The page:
Web exclusive: Is the Leeds 0% mortgage a gimmick?

Published by Laura Whitcombe on 18 July 2013.
Last updated on 18 July 2013

Leeds BS

The Welcome Mortgage is available as a three- or five-year fix and comes with either a three or six-month 0% rate, depending on the loan-to-value (LTV), up to a maximum 90% LTV and maximum loan amount of £750,000.

Here's how it works. Taking the three-year fix on a loan of up to £500,000 at 85% LTV, there's no interest to pay for six months but then it kicks in at a rate of 4.75% until 30 September 2016. After that point, it reverts to the lender's standard variable rate for the rest of the mortgage term, which is currently 5.69%.

It comes with a booking fee of £199, payable on application, and a redemption fee of another £199. An early redemption fee also applies but 10% annual overpayments are allowed.
Leeds said the 0% period was a way to help homebuyers settle in to their new home by freeing up cashflow for decorating, buying new furniture and making any home improvements.

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But what do the experts think? We asked four property commentators for their opinions.

David Hollingworth

David Hollingworth, associate director of communications for London & Country said: "I think it's always good to have choice and so innovation is a welcome feature. This is aimed at homebuyers that would value a bit of breathing space on their monthly payments in the early months because of all the outgoings associated with buying and moving into a new home.

"Leeds has been careful to price the deals so that there is no additional interest charge over the scheme period than on a standard product from its core mortgage range. That means that borrowers can weigh up the value of the reduced payments against the inevitably higher monthly cost after the first three or six months. Some borrowers might like to use the 0% period to overpay even more as payments will come straight off the capital balance.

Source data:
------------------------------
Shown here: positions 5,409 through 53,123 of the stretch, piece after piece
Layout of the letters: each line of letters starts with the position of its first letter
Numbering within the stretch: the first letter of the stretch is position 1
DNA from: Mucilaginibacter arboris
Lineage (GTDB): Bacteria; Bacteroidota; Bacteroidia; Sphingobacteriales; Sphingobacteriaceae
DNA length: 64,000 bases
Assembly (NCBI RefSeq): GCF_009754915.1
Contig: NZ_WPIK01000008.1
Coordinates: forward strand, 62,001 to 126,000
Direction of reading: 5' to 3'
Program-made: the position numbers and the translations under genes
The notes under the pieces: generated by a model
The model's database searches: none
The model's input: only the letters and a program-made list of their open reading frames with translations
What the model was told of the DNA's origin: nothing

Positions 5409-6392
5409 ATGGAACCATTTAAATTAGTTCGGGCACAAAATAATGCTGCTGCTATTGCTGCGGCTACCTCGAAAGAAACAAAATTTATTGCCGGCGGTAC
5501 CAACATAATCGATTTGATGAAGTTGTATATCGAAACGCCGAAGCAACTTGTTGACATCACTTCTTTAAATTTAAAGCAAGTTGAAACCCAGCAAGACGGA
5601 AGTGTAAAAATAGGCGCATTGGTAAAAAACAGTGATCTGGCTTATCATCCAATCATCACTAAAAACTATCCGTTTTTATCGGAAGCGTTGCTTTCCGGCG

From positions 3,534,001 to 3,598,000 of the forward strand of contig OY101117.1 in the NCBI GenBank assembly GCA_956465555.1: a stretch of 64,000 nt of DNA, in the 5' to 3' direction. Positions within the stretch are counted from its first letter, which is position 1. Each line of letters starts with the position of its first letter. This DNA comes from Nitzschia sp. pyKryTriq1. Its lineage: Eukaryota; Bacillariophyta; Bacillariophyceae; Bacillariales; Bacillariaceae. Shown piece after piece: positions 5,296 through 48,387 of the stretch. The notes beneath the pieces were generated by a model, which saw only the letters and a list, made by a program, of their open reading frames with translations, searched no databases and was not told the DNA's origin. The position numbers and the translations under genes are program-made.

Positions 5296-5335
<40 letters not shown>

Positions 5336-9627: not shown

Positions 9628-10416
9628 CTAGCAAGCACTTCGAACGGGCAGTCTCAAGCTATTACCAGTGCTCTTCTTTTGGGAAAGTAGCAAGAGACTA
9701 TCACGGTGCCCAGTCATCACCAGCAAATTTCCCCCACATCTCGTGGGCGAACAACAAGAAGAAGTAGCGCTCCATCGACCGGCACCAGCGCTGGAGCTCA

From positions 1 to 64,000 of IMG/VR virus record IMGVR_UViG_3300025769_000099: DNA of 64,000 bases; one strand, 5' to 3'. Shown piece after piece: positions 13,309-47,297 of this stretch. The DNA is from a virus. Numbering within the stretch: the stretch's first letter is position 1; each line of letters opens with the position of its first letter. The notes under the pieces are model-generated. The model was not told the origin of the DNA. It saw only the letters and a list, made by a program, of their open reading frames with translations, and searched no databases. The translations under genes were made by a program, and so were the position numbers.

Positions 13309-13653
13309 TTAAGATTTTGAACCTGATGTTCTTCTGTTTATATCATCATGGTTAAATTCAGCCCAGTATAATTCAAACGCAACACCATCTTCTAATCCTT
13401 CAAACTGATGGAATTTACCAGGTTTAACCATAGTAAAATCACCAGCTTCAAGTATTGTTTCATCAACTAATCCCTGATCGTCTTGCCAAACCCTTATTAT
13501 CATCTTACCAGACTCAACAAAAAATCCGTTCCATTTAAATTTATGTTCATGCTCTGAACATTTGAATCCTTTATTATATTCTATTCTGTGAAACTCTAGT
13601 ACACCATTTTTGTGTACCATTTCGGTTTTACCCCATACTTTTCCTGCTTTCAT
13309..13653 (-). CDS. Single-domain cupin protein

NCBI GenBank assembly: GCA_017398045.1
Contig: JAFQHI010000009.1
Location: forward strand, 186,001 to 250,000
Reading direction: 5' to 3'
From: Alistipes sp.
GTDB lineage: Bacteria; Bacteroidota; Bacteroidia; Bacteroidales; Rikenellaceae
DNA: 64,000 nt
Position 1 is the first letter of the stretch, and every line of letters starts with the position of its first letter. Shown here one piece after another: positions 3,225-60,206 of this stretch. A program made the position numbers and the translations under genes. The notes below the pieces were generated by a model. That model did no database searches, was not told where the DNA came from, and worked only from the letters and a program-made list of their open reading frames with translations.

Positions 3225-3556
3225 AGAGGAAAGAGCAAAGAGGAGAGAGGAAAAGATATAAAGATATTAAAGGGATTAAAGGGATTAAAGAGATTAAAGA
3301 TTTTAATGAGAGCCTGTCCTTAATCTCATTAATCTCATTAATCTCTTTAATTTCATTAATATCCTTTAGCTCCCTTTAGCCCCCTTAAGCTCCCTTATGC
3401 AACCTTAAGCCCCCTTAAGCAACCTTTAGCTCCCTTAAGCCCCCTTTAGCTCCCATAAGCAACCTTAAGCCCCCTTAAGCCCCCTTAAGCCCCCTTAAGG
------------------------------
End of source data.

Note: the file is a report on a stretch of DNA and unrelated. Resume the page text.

"Overall, I like the way that Leeds has structured the deal and avoided charging a premium for the initial interest-free period plus keeping the fee down and offering a free valuation. However, it's always important for borrowers to shop around and see what else is available, looking at the overall cost including fees. Standard deals may offer lower rates and cost overall, so it then becomes a question of what value the zero-rated period holds."

Henry Pryor

Henry Pryor, independent buying agent, said: "There's an old saying in financial markets about there never being something for nothing and here's a great example. In what reeks of being a publicity gimmick the move by one lender to offer a headline grabbing 0% will achieve its aim – but won't make much difference to buyers.

"In fact, what it does best is to remind all borrowers that the rate they have today won't stay at historic lows forever, so plan for rises and in some cases significant rises.

"This offer may be worth noting so that in future so you can tell your grandchildren that you remember having a 0% mortgage when they are accusing your generation of saddling theirs with so much debt."

Andrew Montlake

Andrew Montlake, a director at mortgage broker Coreco, said: "The Leeds product is a good headline grabber and will also assist buyers right when they need to spend money on furniture or decoration for their new home; although overall, there may be cheaper options on a standard fixed rate mortgage. For example Accord's 2.59% three-year fix offered at 80% LTV may more than offset any initial savings on the Leeds 0% for three month product.
"As with all products it is important to get independent advice before jumping in with both feet just because of the 0% glimmer. However, while not suitable for all, these lenders should be applauded for trying to help buyers obtain mortgages with not just a touch of marketing glitz, but some real inventiveness".

Kate Faulkner

Kate Faulkner, managing director of Designs on Property, added: "My real worry is that lenders may say 'don't forget your mortgage will go up to X' but consumers are only hearing the lower introductory amount and not necessarily budgeting for when rates rise, meaning it could be a big shock for them in a few years' time."

What do you think of the Leeds Welcome Mortgage? Have your say by leaving a comment below or emailing editorial@moneywise.co.uk with 'Welcome' in the subject line.

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